§ Mr. CLYNES
I am not without sympathy for the individual who has figured in the speeches of hon. Members, and I want to pay every regard to the arguments which have been adduced in support of the Amendment. But there is another side to the case which has not yet been altogether exhausted. It is that the Courts have now a very great amount of discretion within which to determine whether a man is guilty of this offence against the law or not. They have discretion as to whether he shall be imprisoned and as to the extent of the fine which should be imposed upon him, and the object of the Bill is to say that, however much the Courts may use their discretion in those two respects, on one point there should be no variation, no doubt, no dissimilarity of decision or judgment, and that the offenders should pay equally the whole country over the same penalty—at least, with respect to the amount of excess prices which have been secured as the result of the offence. To allow discretion would, of course, be to produce variations of penalties and of decision. It would mean that in some cases Courts would decide that only a fraction of the excess prices should be returned, in others that the whole should be returned, and in others that double should be returned; and you would, therefore, have in the minds of traders a feeling of discontent against a law which would apply so inequitably in different parts of the country. Although there is a good deal of margin of discretion upon this point, the view of the Ministry is that neither the Court nor the country, nor the traders should be left in any doubt whatever as to the penalties which have to be imposed. Even the man who is guilty of a technical offence has no right to retain the gains of that technical offence. It is fair, in time of war at any rate, to impose upon him the penalty of 1468 returning double the amount of gains which has accrued to him through the commission of that technical offence. I may mention how unequal the law is to deal with the conduct of some traders. I saw in the papers within the last few days the report of a case of a trader in London who has been fined five times. The ordinary penalties to be inflicted by law as it now stands have in five separate cases been imposed upon this offender. It appears to me that the law at present means to some of these traders that the violation of the law is a paying game. Despite the penalties, they are still more or less encouraged to commit these offences. The least we can do to meet public opinion is to give the mass of consumers an assurance that anybody who earns ill-gotten gains in this way, if he is detected by the law and convicted, will have to forfeit at least double the gains which he has wrongly secured.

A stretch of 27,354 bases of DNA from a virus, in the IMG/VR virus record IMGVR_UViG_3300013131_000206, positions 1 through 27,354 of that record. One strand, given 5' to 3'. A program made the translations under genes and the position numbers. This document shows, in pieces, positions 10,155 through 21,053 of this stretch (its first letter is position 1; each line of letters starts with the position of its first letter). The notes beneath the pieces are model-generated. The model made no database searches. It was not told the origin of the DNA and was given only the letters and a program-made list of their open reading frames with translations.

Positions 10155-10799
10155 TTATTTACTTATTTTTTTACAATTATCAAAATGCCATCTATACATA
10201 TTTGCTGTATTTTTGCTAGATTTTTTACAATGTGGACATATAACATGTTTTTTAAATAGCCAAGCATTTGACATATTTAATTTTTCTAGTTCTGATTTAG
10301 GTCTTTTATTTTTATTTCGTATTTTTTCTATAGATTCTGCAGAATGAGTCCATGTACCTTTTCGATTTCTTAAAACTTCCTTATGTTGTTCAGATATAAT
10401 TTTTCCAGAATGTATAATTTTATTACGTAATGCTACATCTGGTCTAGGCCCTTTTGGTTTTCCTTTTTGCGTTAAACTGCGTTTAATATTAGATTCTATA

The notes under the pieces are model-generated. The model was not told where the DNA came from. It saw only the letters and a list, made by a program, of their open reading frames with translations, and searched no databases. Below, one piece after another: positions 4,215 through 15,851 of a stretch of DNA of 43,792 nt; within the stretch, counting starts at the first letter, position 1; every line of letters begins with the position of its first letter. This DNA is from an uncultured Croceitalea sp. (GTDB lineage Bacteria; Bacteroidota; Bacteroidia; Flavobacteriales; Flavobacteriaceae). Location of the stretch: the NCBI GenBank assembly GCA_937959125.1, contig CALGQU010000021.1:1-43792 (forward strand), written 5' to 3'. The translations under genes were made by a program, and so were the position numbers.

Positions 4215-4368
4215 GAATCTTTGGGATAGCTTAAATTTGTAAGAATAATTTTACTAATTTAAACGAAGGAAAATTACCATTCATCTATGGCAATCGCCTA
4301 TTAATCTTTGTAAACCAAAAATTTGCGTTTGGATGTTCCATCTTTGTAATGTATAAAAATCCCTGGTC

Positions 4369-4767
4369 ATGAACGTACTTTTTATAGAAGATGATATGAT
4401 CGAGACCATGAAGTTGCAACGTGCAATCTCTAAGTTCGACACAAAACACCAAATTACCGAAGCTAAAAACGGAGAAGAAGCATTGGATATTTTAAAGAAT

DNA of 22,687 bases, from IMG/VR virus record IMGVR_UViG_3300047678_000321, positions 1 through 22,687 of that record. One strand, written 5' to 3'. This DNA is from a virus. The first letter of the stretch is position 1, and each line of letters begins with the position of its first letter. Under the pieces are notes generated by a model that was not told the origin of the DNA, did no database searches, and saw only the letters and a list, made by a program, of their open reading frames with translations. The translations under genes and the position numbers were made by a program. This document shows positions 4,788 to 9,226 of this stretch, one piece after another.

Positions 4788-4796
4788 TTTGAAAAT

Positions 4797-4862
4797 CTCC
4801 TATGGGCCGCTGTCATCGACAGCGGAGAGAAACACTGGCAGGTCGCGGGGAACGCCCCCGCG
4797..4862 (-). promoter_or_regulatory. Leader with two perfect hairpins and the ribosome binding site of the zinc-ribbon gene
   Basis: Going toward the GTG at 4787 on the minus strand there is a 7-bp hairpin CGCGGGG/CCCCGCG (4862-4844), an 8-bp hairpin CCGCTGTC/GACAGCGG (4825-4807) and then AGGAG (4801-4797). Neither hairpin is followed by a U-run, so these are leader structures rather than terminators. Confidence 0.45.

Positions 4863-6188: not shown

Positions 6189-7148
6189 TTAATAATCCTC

§ Mr. MORRELL
The arguments we have heard from the hon. Member would strike at the idea of giving discretion to the Courts at any time. He says that if you give discretion there may be a certain amount of dissimilarity between various sentences in different parts of the country. Therefore, he said, let us have a cast-iron rule, and whether a man is merely technically guilty or absolutely guilty, whether he has heard of the Regulation or not, whatever the circumstances, the Court must have no discretion, but the man is to forfeit double the amount. The hon. Member says he has considerable sympathy with the individuals whose cases have been put before him from all sides of the House. I must say he did not betray much sympathy in his arguments. In fact, I was reminded of the sympathy shown by a certain autocratic King in the Bible, who wished to deal with everybody who did not worship God in a particular way, and decreed that they should be cast into a den of lions. When it was reported that his own servant, Daniel, had broken this decree, the King was sorry. Nevertheless, there was the decree, and it must be carried out; it was a hard and fast rule. The hon. Gentleman went on to tell us that such offences were increasing and that therefore we must have bigger penalties. He said that he was hearing of new offences against these food regulations.
§ Mr. CLYNES
I did not allege that the offences are increasing. That would be a serious charge to make against the trading 1469 community, I merely say that we have discovered certain offences in certain places. I do not mean they are being added to.
§ Mr. MORRELL
Then they are not increasing, I am glad to hear that. It comes to this that because the Government are discovering them better the penalties must be increased and the discretion must be taken away from the Courts of Justice who administer the law.